McKoy Dance Project || MDP is a project-based dance company based in the New York area. In order to mirror the experiences we live through today, MDP’s mission is to empower one another and marginalized communities by blending authentic stories, arts programming, and accessible events to strengthen community relationships and support systems. It is important to us that we foster connection and healing by diving head-first into works that are sensitive and conscious of the inequities and trauma built into our society. The company was founded on five pillars which we strategize around and track our progress:
- To create jobs: for the choreographers who seek opportunities to create; for the dancer who only want to show you their world; for me to tell my story
- To inspire and touch, to share with one another: for those who seek a deeper investigation into life. Dance touches that which we cannot fully conceptualize yet. It gifts a closer connection with the intangible and sometimes indescribable.
- To give purpose: to create interest and conversation with topics that surround us.
- To create leaders: charging each other to move into action.
- To heal: recover from traumas and pain (conscious and unconscious).
Word on Dance, the Process and its Impact by our Artistic Director:
I am interested in looking at the relationship between the audience and the dance. The detail to movement is always the first thought in my process. The raw physical emotions that the audience projects onto the stage, their interpretation is a reflection of their experiences, their believes and desires. It may not necessarily be the story that the dancers are trying to portray, but the audience is able to align themselves to it and feel something real. Everyone’s experience is unique to themselves and to keep the exchange in its purest form we have to attempt crafting and shaping movement from real live sensations.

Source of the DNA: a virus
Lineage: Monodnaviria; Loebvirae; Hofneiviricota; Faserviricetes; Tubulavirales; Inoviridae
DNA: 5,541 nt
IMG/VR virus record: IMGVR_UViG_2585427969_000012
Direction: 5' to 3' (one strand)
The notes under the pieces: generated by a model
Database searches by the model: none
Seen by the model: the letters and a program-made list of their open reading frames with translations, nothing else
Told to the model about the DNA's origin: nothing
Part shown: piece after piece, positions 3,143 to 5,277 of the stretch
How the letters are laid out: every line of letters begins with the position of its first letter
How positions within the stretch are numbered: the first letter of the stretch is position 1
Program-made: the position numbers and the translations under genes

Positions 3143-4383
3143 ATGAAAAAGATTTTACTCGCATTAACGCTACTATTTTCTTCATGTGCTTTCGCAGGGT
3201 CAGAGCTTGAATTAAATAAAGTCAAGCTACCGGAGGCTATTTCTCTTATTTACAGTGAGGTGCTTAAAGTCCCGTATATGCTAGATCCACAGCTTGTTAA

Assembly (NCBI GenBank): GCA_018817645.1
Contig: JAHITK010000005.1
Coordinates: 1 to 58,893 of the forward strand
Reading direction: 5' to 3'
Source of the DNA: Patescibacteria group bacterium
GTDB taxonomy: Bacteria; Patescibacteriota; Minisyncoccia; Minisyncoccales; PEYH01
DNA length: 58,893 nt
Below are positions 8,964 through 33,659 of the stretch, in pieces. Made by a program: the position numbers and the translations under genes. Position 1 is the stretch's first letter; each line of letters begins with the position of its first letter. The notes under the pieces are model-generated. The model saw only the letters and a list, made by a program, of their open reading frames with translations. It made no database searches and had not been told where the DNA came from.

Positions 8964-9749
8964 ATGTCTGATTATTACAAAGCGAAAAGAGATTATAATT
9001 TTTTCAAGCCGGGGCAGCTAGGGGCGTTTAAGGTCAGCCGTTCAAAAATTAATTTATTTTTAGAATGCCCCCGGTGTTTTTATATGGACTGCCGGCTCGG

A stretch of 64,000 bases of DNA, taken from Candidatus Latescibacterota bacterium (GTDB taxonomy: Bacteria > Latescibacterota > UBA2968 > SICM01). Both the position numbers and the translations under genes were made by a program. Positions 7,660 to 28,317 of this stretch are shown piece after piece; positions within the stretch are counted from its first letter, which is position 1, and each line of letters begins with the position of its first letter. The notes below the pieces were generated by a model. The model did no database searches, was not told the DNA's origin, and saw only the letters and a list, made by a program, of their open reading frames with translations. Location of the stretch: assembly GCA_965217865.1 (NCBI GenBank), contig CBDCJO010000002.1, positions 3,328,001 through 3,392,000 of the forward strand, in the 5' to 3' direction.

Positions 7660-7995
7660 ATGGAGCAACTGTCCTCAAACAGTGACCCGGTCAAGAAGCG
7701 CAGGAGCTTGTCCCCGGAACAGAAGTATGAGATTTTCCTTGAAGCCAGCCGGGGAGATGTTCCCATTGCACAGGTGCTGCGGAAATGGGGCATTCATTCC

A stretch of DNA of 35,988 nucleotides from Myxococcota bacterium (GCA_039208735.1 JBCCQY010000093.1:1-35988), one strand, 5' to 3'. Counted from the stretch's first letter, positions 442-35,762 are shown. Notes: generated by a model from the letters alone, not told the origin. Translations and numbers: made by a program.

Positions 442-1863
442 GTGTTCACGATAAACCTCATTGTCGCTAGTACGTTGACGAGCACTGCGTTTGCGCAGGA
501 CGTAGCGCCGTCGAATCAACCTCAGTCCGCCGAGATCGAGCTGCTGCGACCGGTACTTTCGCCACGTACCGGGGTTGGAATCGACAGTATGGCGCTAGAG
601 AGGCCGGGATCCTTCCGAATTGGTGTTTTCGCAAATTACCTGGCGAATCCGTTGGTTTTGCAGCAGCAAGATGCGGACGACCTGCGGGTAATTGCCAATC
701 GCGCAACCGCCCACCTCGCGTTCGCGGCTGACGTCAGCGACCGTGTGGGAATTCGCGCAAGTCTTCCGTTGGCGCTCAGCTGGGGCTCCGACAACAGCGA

When working with my peers and my dancers I often refer to this question: “how does it really feel?” How does it really feel to be touched, the feel of the skin or to be upset? What are your specific natural behaviors when you encounter a particular emotion or thought? I ask everyone, including myself, to self-reflect on this. A lot of my work now is about making it real for the dancer; we are not acting when we are on stage. We believe in the atmosphere we created and in doing so we connect to the audience in a different way. We are thus seen uncovered and that vulnerability makes a good majority of us artists anxious. From there, however, we can begin tackling our traumas, holding conversations about society and social justice, as well as create brief distractions from reality. Once we begin stripping away our boundaries and let the dance take us, we really can dive into the work. The question after this process is “does the audience feel what I feel?” There’s no real way to concise that answer and that is the beauty of art.
Those who make art are in a position of influence. For the dancer, during the duration of the performance, we are able to become a leader for others encouraging them to be just a little more open and receptive every day. That influence has the potential to snowball through the lives of everyone in the audience charging them to further initiate the necessary and important change for one another.
— Derick McKoy, Jr.